The rise of China as a manufacturing force has posed serious economic challenges to U.S. industry, even as it presents great opportunity. The world’s most populous nation offers both a site for offshore production and a vast and growing consumer market.
Yet no matter how interconnected China and the United States are in today’s globalized economy, it’s rare these relationships cross the mind of the average consumer, interested first and foremost in finding reliable products at a reasonable price. But what happens when those products are not just unreliable, but downright dangerous?
We are learning the painful answer to that question right now. Following a series of reports about deadly pet food, fake pharmaceuticals, unsafe automotive parts, faulty equipment and countless other dangerous products from China, U.S. consumers have reacted with understandable alarm, and government and industry have engaged the issue with their full energies.
Manufacturers in the United States are leading the call for a concerted and comprehensive response, and for good reason. Even though goods produced in the United States are safer than ever before, the failure of Chinese-made products can harm reputations here in America.
Safety comes first
The NAM believes that China must first recognize that these safety and health violations represent a serious problem, one that demands more than the usual public affairs campaigns and diplomatic shouting. The United States must also act, strengthening existing monitoring and inspection capabilities and providing technical assistance to the Chinese to help them address their failures.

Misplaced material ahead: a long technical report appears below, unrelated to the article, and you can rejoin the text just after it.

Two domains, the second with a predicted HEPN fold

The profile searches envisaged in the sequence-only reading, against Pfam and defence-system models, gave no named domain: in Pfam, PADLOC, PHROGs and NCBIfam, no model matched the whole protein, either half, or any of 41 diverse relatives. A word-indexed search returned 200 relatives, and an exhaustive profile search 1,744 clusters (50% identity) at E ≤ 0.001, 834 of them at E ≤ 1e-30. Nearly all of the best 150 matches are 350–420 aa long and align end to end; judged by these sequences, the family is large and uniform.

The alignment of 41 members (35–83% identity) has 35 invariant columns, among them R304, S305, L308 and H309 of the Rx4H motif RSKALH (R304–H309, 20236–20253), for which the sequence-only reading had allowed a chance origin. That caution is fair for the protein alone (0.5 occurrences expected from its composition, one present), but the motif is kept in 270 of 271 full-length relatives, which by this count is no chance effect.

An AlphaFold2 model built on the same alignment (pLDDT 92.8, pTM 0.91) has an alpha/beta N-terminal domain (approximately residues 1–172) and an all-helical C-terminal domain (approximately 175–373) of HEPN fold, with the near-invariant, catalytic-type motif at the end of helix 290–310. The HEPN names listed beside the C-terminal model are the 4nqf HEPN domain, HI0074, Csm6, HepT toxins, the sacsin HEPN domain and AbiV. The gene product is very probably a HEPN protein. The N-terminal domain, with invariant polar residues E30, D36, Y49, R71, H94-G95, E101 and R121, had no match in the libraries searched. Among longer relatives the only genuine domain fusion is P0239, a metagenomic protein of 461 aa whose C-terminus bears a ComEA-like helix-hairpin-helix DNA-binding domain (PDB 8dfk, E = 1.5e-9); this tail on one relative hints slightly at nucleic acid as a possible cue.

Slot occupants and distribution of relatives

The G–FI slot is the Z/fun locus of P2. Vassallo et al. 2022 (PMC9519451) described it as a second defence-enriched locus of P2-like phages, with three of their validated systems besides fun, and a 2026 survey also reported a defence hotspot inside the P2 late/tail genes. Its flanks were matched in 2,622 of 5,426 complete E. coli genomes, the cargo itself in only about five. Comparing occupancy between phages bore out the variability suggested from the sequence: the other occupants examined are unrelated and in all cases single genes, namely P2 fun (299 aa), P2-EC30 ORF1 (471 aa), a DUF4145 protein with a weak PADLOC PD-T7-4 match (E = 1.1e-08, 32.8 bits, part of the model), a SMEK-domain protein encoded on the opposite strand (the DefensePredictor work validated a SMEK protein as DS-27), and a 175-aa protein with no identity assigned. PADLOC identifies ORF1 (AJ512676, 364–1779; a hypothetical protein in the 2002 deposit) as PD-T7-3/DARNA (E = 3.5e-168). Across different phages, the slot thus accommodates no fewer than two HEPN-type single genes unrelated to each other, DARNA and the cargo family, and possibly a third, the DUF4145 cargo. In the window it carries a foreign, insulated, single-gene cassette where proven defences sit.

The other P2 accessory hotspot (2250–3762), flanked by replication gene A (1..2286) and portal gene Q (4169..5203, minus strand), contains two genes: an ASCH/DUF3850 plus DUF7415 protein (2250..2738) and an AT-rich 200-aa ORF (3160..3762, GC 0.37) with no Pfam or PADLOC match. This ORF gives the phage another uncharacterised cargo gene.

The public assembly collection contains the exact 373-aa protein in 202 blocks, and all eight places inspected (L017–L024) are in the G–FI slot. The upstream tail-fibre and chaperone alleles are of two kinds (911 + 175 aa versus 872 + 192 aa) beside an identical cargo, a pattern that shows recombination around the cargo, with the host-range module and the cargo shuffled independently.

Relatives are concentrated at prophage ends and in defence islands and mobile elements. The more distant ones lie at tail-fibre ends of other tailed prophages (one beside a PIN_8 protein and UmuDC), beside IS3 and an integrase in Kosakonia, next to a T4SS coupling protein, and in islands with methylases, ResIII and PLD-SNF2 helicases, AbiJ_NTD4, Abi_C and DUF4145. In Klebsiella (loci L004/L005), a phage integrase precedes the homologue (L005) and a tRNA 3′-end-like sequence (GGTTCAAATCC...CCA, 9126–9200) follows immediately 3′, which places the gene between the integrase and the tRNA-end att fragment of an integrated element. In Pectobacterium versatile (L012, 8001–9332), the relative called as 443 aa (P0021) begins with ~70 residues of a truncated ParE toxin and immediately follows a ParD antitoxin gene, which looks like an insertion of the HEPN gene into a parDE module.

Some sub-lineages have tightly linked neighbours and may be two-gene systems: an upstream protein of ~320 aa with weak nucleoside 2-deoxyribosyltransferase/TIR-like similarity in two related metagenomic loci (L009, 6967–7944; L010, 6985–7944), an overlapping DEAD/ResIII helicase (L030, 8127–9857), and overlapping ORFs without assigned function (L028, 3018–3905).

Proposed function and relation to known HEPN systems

Contaminated pet food that killed thousands of U.S. cats and dogs elicited a strong reaction among the public, raising the profile of this important issue. However, the problems of Chinese counterfeits and faulty equipment are by no means new, especially to manufacturers.
For the Square D Company of Palatine, Ill., the problem has reached crisis proportions. Square D’s sterling reputation for quality was adversely affected by the spread of counterfeit circuit breakers manufactured in China and distributed in the United States. These boxes carried forged logos of the Square D Company as well as fake Underwriters Laboratories’ (UL) endorsements.
Made with inferior materials, these circuit breakers failed to trip, allowing dangerous voltage to burn internal electrical wires, sparking house fires. To date, Square D has filed nine lawsuits against firms who knowingly distributed the unsafe devices. Square D’s efforts and cooperation with U.S. government agencies have led to the seizure of more than a half-million counterfeit circuit breakers.
Earlier this year the NAM joined other business and consumer groups in founding the Coalition Against Counterfeiting and Piracy. The CACP has presented to Congress a comprehensive strategy to address the broad range of issues affecting trade in counterfeit and pirated products. Included in our recommendations are strengthened enforcement, both here in the United States and globally, and improved legal tools for cracking down on counterfeits.